Sadie’s Story

A case of Benign Familial Neonatal Epilepsy (BFNE), in which the KCNQ2 genetic mutation is inherited.

Sadie Kate was born on August 30th, 2013. We fell in love with her the very first time we laid eyes on her. She was a beautiful 7lb 9oz screaming baby girl. The first two days of her life she seemed like a happy and healthy baby girl. The next day the hospital photographer came in to take Sadie’s newborn pictures. Everything seemed to be going great. She laid Sadie on her tummy on the bed. Sadie stiffened her body and rolled over immediately. The photographer frantically picked her up and told us to call the nurse quickly. The nurse came in and took Sadie. She laid her down in the crib and looked her over. She said Sadie was really strong and a little stiff but nothing appeared to be wrong with her. After the nurse told us everything was fine we relaxed.

The next night we decided to send Sadie to the nursery. We were supposed to go home the next day and could really use some rest. Shortly after we had fallen asleep the nurse came in and woke us up. She told us that something was wrong with Sadie and they were going to transport her to the NICU. She said the nurse in the nursery had noticed Sadie having what seemed to be a seizure. Her body had stiffened up and she started twitching. Of course, my husband and I were completely heartbroken. Sadie was our first child and we thought we were going to take our precious baby girl home the next morning. A pediatric neurologist came in to talk to us as they took Sadie down to the NICU. When we got to the NICU an IV had been placed in her head and she was in an incubator. The nurse assured us that it looked worse than it actually was.

Over the next few days, Sadie had a spinal tap, EEG, and blood drawn multiple times. She was started on phenobarbital to get the seizures under control. Her phenobarbital dosage was constantly being changed and she slept most of the time. Sadie’s EEG came back abnormal but everything else was normal. The doctors could not figure out what was causing Sadie to have seizures. After seven days in the NICU Sadie was sent home. We had her home for a week, but every day she was having multiple seizures. It was absolutely horrible watching our sweet baby go through all of that knowing there was nothing we could do for her. We decided we had had enough and took Sadie to the Emergency Room at Children’s Hospital. They admitted her and she underwent a lumbar puncture, blood testing, and an MRI. She was also put on Keppra, an additional seizure medication. Three days later they sent her home. They had run all of the test that they knew to run and all we could do was wait for the results. After they sent us home they decided to take her off of the phenobarbital. Over the next few days Sadie’s seizures seemed to get more frequent and more intense. She was having 5-7 seizures per day. The next Sunday we took her back to the Emergency Room at Children’s Hospital. They gave her a loader dose of phenobarbital through an IV and sent us home. We don’t know if the loader dose of phenobarbital helped or if the seizures had just stopped on their own.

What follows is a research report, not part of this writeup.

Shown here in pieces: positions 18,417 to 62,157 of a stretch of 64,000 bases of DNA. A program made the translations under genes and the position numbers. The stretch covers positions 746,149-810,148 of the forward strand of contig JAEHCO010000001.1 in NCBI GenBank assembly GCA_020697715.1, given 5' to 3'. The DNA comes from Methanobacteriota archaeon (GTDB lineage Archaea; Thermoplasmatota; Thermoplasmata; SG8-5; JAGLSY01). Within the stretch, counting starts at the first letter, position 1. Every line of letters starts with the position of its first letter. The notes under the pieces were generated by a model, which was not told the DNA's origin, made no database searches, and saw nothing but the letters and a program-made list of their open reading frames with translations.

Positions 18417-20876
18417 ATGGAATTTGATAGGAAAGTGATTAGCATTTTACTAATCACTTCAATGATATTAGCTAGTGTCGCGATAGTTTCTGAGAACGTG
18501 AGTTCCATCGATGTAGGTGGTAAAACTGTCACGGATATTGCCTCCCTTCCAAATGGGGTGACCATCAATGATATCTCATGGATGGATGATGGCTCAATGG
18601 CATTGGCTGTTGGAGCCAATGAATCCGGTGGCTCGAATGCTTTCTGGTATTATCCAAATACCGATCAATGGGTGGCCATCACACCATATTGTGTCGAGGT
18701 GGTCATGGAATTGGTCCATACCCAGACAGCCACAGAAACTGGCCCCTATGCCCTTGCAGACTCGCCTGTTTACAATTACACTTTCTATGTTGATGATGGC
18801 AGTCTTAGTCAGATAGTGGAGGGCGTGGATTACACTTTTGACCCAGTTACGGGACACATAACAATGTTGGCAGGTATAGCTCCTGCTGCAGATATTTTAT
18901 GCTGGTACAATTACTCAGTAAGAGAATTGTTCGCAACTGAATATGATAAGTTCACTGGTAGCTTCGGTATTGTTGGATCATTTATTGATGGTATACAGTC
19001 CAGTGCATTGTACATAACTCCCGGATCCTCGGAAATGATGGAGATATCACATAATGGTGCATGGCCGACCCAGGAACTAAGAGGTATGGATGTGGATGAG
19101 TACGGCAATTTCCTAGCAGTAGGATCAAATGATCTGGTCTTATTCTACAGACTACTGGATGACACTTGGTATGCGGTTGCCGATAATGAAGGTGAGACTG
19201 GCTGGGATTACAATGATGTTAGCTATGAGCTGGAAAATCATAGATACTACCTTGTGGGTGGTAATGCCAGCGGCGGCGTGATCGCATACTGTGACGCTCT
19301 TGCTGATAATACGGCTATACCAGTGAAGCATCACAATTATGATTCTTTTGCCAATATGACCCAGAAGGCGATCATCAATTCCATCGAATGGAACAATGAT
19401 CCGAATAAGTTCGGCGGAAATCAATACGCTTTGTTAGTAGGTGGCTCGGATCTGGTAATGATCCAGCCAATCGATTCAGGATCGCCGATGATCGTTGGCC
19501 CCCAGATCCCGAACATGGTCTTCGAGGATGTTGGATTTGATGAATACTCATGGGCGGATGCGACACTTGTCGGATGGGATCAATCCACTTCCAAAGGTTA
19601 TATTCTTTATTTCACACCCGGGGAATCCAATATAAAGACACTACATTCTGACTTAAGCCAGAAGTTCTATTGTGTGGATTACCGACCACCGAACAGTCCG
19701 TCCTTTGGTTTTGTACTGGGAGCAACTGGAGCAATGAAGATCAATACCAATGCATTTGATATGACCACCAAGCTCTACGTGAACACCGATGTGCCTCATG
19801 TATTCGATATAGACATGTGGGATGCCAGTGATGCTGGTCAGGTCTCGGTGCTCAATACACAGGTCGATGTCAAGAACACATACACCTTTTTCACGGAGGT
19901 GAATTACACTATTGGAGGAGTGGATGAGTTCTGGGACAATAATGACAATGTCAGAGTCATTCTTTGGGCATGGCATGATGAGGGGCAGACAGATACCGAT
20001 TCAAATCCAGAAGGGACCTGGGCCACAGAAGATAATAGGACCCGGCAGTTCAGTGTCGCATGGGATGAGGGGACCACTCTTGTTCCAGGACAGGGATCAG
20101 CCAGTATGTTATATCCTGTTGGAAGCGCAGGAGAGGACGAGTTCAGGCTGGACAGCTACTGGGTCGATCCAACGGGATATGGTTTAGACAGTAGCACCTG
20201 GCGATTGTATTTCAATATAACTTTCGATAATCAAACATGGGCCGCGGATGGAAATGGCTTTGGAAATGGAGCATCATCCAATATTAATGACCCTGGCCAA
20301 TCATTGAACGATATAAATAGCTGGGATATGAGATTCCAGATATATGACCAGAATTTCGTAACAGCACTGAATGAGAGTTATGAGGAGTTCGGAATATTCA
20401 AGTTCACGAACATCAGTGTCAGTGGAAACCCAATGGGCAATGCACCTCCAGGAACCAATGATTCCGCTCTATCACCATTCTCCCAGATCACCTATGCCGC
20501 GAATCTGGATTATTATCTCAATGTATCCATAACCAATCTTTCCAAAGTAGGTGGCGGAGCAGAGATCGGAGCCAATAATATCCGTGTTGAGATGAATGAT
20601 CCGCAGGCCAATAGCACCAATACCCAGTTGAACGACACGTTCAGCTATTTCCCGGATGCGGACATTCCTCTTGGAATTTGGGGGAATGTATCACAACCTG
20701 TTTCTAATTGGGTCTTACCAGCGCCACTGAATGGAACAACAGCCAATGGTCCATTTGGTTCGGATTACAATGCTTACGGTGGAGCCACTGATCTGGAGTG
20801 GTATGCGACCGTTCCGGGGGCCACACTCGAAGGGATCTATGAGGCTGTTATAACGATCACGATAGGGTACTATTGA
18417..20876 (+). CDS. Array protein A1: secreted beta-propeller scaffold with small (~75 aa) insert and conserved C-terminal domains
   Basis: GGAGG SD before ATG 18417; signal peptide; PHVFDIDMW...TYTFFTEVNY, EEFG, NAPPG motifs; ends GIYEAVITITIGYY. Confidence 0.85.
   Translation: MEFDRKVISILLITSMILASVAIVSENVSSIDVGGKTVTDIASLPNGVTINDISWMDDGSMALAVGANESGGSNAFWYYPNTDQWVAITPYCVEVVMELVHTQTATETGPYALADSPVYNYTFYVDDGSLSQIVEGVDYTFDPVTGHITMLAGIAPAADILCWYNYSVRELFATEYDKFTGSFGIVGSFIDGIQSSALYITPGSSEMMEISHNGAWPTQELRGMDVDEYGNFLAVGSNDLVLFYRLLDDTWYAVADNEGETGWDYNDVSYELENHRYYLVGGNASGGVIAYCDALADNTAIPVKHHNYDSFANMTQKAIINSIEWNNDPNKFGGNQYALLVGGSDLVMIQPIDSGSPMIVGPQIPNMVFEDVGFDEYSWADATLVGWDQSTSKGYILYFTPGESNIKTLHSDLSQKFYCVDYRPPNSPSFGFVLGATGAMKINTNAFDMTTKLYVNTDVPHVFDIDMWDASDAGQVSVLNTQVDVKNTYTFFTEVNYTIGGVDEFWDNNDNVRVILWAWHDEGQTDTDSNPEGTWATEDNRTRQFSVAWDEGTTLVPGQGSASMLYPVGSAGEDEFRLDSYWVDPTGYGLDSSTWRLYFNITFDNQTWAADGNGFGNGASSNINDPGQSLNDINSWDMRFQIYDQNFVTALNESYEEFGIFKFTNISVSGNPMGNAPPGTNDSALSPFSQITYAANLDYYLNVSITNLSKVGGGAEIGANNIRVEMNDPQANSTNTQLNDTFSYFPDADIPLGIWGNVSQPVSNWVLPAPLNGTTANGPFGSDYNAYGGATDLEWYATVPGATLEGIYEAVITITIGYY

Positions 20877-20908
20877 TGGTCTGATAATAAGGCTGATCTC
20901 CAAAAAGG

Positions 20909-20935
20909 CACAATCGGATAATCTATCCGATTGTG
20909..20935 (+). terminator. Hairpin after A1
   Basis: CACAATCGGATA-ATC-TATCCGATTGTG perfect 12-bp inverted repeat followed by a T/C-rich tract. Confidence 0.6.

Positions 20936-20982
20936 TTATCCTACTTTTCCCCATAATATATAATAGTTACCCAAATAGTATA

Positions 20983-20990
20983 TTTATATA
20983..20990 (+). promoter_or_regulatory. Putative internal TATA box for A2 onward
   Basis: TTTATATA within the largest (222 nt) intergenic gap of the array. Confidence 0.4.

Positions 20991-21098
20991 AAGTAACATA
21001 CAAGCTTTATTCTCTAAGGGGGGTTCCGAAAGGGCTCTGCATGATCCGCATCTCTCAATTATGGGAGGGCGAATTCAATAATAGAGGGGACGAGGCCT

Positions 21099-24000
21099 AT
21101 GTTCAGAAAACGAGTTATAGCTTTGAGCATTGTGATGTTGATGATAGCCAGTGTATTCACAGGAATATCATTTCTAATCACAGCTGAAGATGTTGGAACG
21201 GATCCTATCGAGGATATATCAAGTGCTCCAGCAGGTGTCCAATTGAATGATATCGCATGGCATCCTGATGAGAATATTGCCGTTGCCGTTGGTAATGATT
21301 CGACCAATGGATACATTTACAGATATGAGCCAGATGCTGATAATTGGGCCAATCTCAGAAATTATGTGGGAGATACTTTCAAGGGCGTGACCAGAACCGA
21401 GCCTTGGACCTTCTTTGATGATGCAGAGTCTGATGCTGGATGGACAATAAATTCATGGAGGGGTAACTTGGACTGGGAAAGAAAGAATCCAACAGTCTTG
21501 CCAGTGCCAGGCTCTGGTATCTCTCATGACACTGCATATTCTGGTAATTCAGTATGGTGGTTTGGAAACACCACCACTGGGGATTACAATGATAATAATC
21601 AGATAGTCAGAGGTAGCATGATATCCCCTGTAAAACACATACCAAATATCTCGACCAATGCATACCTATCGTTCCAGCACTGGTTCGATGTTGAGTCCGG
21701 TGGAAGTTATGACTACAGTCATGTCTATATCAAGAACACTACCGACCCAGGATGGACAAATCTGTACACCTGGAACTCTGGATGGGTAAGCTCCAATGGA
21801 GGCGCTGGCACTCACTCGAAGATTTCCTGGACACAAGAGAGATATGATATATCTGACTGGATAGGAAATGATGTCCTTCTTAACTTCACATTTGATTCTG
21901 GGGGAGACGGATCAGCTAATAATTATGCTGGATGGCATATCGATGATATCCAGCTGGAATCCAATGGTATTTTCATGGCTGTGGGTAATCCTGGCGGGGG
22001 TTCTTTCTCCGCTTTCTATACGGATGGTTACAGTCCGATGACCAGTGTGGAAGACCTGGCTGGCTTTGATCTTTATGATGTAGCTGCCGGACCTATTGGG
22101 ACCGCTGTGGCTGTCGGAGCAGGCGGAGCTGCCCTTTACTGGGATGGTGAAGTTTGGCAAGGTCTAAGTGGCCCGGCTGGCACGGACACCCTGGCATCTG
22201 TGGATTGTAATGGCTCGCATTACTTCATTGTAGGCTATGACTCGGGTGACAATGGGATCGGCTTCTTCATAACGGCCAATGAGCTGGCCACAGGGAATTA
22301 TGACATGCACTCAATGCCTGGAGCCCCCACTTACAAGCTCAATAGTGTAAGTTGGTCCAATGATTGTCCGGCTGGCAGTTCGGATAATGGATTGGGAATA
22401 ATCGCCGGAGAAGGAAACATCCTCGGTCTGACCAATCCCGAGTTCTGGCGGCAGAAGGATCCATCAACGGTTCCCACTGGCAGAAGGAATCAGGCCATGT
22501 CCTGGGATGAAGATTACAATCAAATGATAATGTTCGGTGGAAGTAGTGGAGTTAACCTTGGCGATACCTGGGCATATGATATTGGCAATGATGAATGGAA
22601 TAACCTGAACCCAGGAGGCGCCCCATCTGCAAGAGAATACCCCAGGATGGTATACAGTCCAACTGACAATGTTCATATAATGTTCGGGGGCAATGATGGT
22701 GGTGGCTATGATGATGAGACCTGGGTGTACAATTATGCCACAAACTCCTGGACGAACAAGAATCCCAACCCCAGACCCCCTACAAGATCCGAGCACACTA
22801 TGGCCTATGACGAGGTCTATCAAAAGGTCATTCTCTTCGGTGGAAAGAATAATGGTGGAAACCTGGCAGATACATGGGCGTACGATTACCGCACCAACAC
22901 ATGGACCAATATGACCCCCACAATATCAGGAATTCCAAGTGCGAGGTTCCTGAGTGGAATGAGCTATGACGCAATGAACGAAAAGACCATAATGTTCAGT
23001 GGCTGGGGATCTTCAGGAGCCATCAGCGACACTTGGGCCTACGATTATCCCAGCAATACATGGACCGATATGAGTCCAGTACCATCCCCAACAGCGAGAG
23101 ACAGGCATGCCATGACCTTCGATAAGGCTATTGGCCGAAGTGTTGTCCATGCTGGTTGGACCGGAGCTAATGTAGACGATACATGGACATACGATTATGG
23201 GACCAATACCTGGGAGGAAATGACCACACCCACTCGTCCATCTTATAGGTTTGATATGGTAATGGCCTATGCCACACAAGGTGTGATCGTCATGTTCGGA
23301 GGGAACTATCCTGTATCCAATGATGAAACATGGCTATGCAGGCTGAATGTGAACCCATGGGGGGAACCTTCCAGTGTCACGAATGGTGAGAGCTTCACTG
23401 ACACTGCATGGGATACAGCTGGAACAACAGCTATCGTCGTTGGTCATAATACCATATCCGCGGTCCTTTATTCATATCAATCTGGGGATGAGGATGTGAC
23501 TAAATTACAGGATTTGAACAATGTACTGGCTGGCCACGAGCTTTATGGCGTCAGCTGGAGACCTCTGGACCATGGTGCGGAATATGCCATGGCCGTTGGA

In November of 2013 Sadie was scheduled for her follow up appointment with her neurologist. Everything seemed to be going great. We were seizure free and doing physical therapy once a month. Sadie seemed to be happy and healthy. Her neurologist decided to wean her off of the Keppra and just keep her on the phenobarbital. We were sent over to the lab to have some blood drawn and then we went home. We felt like we were finally moving on and seizures we a thing of her past.

Over the next few months Sadie was doing great. Her little personality was developing and she always had a smile on her face. She was a little behind but all babies develop at different rates. Sadie was scheduled for her next neurology appointment on March 19th. We were excited about this appointment. We assumed she would be weaned off of the phenobarbital since she had had no seizures and was doing great.

We walked into Children’s Hospital and made our way to the neurologist’s office. They weighed Sadie and put us in a room. A few minutes later a neurologist came in and sat down. He told us that one of Sadie’s gene tests had come back positive. She tested positive for a KCNQ2 mutation. He began to explain to us what this meant. He told us there was a chance that she would never talk and there was a chance that she would never walk. She could be completely dependent on a caregiver or she could be perfectly fine.

We discovered that Sadie’s daddy has the KCNQ2 gene as well. Physical therapy, speech therapy, and occupational therapy have made a huge difference in Sadie’s development and for that we are very grateful.

Currently, Sadie is working on trying to walk and her verbal skills are improving every day. She still receives physical, occupational, and speech therapy. We strongly believe that she will meet all of her goals in her own time.

To us, the hardest part so far is not knowing what the future holds for our sweet Sadie. We will do everything that we can to be sure she develops the best that she can. She is such a happy child and so full of personality. She smiles and laughs so much. We knew she was special from the very first time we laid eyes on her and that will never change.